Tyree Love jumped from group home to group home growing up in the foster care system in Los Angeles, California after being taken from his mother at just two years old. Through the years, he spent time in seven group homes and two foster homes before being emancipated by the courts once he turned 18. After graduating from high school in 1999, he completed a one year program at Modern Technology College and became certified X-Ray Tech Medical Assistant, working in pediatric orthopedics and internal medicine.
At the age of 19, he became a father and decided that joining the Navy would allow him to support his newborn son. On August 28, 2001, Tyree arrived for boot camp in Great Lakes, Illinois, ready for new experiences and challenges and to take responsibility for his situation. Two weeks into boot camp was September 11, 2001. Just a week and half later, he received further devastating news: his 7-month old son had passed away. He was given three days to go home, memorialize his son and return to boot camp because America would soon be going to war.
Upon his return to boot camp, he felt lost. He shared that “it was a weird transition because my whole game plan was for my son, that’s why I joined. It had nothing to do with wanting to go. When I lost him, I kind of lost why I wanted to be there.” He got through this difficult period and continued through the rigorous training, pushing through the obstacles that weighed heavily on him. “I started to take value in what I could do and what I could get out of this now, for myself,” said Tyree. He went on to serve in the Navy for nearly four years, including serving in one of the longest Navy deployments in modern history, from July 2002-June 2003 aboard the U.S.S. Abraham Lincoln, as part of Operation Iraqi Freedom.
Tyree left the military in September 2005, and the following summer he returned to school at El Camino City College. While at El Camino, he joined the football team, but eventually had to leave school to take a full-time job as a security guard at Guardsmark Security. At the time, the GI Bill did not cover both schooling and offer a living wage, so he had to make the decision to leave school in order to earn an income. Tyree shared, “I left school and I remember telling myself, ‘this is not what I want to do, this is not who I want to be, this is not me’ and I made a goal to create a plan to eventually get back in school and make my dreams happen.”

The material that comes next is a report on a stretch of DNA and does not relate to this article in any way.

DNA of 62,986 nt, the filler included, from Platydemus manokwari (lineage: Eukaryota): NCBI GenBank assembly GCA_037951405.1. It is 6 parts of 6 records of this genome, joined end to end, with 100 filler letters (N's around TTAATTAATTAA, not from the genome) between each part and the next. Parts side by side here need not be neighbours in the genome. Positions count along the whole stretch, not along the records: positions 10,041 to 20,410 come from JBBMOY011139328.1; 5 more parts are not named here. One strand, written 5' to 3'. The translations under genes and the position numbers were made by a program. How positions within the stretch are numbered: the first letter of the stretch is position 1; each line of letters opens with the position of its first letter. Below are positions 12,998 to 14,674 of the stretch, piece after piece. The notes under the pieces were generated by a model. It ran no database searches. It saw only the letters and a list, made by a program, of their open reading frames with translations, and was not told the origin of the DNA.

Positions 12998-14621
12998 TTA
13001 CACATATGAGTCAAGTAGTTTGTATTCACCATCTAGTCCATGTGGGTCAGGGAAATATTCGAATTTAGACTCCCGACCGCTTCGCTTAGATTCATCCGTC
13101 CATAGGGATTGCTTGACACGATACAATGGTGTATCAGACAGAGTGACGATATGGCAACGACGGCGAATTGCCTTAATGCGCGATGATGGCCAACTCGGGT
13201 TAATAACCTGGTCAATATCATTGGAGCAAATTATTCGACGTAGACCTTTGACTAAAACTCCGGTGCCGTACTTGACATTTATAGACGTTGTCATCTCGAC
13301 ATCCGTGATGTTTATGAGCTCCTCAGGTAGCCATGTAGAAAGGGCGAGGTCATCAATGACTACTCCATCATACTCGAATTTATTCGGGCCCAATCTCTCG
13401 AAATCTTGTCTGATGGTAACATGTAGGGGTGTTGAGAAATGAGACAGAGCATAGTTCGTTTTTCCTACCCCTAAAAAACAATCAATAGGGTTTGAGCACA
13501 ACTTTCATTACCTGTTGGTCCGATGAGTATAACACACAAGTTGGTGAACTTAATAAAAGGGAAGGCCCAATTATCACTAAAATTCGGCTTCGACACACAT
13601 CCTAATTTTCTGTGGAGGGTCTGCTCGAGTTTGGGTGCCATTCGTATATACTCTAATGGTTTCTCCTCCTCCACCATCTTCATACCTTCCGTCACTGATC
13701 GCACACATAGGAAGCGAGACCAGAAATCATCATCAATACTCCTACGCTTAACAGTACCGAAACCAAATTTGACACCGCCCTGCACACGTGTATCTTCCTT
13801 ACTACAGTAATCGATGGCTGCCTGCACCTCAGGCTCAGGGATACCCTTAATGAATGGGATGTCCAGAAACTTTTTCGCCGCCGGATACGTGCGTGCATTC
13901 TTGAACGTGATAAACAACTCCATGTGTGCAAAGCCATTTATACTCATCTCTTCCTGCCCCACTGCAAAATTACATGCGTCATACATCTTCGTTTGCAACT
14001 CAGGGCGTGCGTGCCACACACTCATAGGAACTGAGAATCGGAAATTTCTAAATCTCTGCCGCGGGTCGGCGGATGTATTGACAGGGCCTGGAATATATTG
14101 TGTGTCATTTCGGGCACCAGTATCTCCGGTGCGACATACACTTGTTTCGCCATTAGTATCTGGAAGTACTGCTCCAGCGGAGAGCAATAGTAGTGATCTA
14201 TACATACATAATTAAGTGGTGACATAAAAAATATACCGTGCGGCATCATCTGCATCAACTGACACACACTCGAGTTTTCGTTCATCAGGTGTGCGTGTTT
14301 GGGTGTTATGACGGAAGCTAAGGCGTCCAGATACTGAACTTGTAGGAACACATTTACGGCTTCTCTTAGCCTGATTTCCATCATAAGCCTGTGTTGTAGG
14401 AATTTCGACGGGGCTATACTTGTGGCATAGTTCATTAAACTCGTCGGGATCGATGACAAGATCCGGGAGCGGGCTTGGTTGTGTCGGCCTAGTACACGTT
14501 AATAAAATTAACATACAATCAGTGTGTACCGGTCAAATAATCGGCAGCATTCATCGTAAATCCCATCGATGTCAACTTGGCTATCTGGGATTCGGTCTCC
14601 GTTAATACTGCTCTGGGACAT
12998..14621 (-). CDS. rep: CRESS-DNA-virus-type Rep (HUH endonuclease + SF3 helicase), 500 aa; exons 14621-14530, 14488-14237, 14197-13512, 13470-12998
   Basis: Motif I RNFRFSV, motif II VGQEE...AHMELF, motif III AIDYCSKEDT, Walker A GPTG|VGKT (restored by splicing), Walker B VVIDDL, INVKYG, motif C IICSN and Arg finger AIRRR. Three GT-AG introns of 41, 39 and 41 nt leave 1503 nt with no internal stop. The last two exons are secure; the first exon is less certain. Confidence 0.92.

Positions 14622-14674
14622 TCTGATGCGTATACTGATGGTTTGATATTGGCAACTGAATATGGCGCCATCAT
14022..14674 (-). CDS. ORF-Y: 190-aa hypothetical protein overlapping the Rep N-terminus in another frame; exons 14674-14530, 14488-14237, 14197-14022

Love’s leadership at Guardsmark was unmistakable from the start. Fairly quickly, he was promoted to shift supervisor for a Chevron Refinery in El Segundo. He stayed for five years, during which he was recognized with many leadership awards, including a very prestigious award in the security community in 2009. In 2011, he was told of changes to the GI Bill under President Barack Obama that now offered a housing stipend in addition to paying for school and providing a livable wage. A short while later, he secured housing through an organization called VASH in LA County, and he was able to return to school at Long Beach City College. In 2014, he graduated with an Associate in Arts degree in Communications before transferring to Cal State Long Beach to earn his Bachelor of Arts degree in Communications with a minor in Journalism in the spring of 2016.
With a goal of working for a professional sports team, he was told about Up2Us Sports and its Operation Coach program by his college advisor. Tyree’s advisor said to him, “this is perfect for you, it may not be directly where you want to go but I think this will help build that block for you.” He agreed and within a short time he applied and began working at California Educational Centers (CEC) as both a basketball coach and in a management position.
Love credits the military for helping him become more accountable and responsible as a person, but also as a leader. It’s been a long road, but he now has a home of his own and a job he cares deeply for. He hopes that he can translate the same work ethic he showed throughout his time in the military to his new role at California Educational Centers, while also utilizing his passion for giving back to the community through basketball as a coach and mentor with Up2Us Sports’ Operation Coach program.
Tyree Love began his one-year service term at California Educational Centers through Up2Us Sports’ Operation Coach Program in August 2016. His position is generously funded by CaliforniaVolunteers.